The reason behind her conviction I soon learned was her Sikhi; she brought out her kirpan to show me. “I was illiterate initially, but then I accepted Amrit about 30 years ago. That marked a turning point in my life. I learnt Gurmukhi and now I recite the Panj Bania everyday at Amritvela,” said Bibi Ji with a sense of pride in her eyes. 

In this instance, I found the answer to a question many wonder, “How is it possible for the farmer agitation to last so long and to be in perfect synchronization?” The answer lay in Harbhajan Kaur’s statement: It was their life, the way they have learnt to live, and the way in which the Baani inspires them. Our Sikh history has fueled each and every individual with such a sense of valour that hardships, especially material ones, don’t concern those born on the land of sacrifice. 

Bhupinder Kaur – Punjabi Legacy 

As we were chatting, Bhupinder Kaur (50 years old), who is also from Gurdaspur She belongs to a family who has been in farming for generations. She had been at the protest site for nearly a month now. Keenly listening to my conversation with Bibi Ji, she added, “I cannot feel anymore grateful to have been born as a Sikh, and further, in the land of Punjab. If I am to be born again, I only pray to be born as a Sikh and a Punjabi. There’s so much we owe to our history and culture, it is on this account that we are even able to stand up for our rights today.”  

Talking about community participation, Bhupinder Kaur talked about how there is support from each and every individual in the village. “There are multiple buses leaving our village [for Delhi] every few days. Everyone wishes to express their support for the movement and at the same time register their dissent against the laws. Those still in the village are sending essential goods to the borders. Just yesterday, two trollies full of dry ration arrived here from our village. When villages are united in this fight, how can the Modi [Prime Minister]-Shah [Minister of Home Affairs] duo destroy us?”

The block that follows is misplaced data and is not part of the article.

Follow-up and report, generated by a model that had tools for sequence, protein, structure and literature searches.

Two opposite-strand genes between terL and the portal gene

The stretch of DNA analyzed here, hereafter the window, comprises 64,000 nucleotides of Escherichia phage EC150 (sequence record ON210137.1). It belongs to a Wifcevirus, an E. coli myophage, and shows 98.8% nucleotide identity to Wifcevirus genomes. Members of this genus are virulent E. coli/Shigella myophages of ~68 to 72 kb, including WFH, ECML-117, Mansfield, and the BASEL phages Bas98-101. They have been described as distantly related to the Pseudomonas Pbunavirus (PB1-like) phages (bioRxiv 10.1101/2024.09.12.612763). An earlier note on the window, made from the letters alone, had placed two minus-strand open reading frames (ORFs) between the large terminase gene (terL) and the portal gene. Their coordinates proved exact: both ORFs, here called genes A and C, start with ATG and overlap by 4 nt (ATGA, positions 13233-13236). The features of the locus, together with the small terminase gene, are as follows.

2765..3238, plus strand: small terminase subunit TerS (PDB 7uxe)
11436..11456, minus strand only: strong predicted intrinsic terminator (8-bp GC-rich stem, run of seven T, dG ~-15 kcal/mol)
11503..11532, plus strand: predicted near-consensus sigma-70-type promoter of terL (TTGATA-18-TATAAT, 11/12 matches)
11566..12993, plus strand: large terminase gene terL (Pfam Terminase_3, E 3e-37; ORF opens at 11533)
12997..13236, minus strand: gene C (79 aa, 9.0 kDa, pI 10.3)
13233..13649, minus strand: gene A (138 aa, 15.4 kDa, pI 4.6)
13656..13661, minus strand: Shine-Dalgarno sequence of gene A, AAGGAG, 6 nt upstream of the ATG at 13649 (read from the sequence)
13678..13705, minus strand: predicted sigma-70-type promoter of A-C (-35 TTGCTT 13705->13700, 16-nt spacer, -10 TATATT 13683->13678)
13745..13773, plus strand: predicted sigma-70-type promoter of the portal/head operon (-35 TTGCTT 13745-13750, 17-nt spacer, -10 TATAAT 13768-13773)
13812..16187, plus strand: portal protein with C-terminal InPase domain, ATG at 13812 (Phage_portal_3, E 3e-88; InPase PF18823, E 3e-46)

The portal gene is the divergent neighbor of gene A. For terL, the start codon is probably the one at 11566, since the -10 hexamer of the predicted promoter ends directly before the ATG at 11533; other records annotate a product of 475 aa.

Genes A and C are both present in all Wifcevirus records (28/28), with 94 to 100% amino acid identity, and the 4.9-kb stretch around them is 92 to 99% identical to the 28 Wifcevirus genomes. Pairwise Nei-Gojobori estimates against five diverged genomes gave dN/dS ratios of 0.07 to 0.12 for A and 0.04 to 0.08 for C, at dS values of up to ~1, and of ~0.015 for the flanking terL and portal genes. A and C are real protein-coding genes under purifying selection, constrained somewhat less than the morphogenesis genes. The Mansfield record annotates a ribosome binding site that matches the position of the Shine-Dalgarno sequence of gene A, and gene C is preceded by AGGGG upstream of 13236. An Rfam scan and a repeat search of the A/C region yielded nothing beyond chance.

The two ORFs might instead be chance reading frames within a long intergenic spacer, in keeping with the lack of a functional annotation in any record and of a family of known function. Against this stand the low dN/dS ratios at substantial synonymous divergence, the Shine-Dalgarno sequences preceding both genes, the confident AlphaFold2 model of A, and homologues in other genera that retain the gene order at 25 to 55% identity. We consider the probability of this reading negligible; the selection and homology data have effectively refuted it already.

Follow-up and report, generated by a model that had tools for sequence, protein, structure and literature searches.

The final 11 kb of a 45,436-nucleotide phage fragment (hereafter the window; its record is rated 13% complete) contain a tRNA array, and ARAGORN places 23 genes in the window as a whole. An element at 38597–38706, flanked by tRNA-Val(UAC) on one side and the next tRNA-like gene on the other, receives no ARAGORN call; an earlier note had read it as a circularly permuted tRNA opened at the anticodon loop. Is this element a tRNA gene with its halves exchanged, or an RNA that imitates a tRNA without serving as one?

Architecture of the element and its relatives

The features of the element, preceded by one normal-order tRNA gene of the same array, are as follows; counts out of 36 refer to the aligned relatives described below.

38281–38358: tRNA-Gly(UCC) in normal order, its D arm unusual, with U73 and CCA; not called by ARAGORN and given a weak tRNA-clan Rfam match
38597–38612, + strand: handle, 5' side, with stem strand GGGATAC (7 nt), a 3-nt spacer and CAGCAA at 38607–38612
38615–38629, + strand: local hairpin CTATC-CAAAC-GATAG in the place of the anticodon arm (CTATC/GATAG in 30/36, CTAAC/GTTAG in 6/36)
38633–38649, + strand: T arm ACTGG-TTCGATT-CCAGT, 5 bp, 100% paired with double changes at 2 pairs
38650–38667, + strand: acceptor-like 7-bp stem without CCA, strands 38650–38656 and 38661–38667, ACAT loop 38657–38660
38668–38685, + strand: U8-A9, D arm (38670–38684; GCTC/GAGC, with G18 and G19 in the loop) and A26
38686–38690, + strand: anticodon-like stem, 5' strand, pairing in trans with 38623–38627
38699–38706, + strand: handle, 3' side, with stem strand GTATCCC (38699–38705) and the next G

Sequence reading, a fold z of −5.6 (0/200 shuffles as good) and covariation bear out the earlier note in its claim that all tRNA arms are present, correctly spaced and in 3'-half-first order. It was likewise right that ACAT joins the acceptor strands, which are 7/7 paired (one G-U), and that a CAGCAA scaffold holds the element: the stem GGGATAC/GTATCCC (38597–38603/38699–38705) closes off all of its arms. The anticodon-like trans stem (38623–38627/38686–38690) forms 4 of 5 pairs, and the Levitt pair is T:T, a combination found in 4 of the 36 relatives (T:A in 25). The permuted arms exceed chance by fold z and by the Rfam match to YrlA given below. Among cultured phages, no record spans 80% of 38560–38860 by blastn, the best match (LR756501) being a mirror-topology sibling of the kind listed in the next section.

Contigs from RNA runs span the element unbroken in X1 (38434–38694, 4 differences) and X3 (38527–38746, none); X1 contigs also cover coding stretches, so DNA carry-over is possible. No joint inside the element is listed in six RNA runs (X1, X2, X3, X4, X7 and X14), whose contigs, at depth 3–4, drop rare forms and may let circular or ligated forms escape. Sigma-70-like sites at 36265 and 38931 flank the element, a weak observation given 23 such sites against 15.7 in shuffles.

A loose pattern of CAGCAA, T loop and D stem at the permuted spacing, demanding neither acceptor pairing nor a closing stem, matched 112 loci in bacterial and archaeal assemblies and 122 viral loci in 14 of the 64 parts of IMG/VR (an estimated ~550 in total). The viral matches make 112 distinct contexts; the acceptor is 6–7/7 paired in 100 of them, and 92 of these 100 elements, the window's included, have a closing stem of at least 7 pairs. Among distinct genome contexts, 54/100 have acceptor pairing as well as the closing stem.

Punjab in our Hearts

As someone born and brought up in Delhi, I did not know the Punjab beyond our yearly Gurdwara visits, but this morcha has given me space to form a connection with the land to which we all belong. No amount of day trips or history books can do justice to this glorious land. It is the people who carry along with them the magnificence of the land. The Punjab in which we had been residing, now resides in our hearts.

Personal Note:

Those sitting on the borders of the capital are determined and have a commitment to their cause and struggle. I believe it is equally important for those raising awareness to show an equal amount of commitment to the cause.  

At a time when misinformation and disinformation is rampant and when those in power are trying to deligimitalise the movement and divert attention from the core issues, it is important for us to arm ourselves with factual information.

This morcha is nothing less than a revolution which will be recorded in the pages of history, and I wish for the world to know that. I feel the morcha is our chance as a community to make sure we are headed in the right direction. I hope it will yield positive results in the future. 

As long as the laws stay, the people are determined to sit at the borders. A revolution of and by the people, this hopefully shall bear fruits of success.

About the Author

Sirjan Kaur lives in Delhi and is currently volunteering at the borders of Delhi to support the Farmers Protest.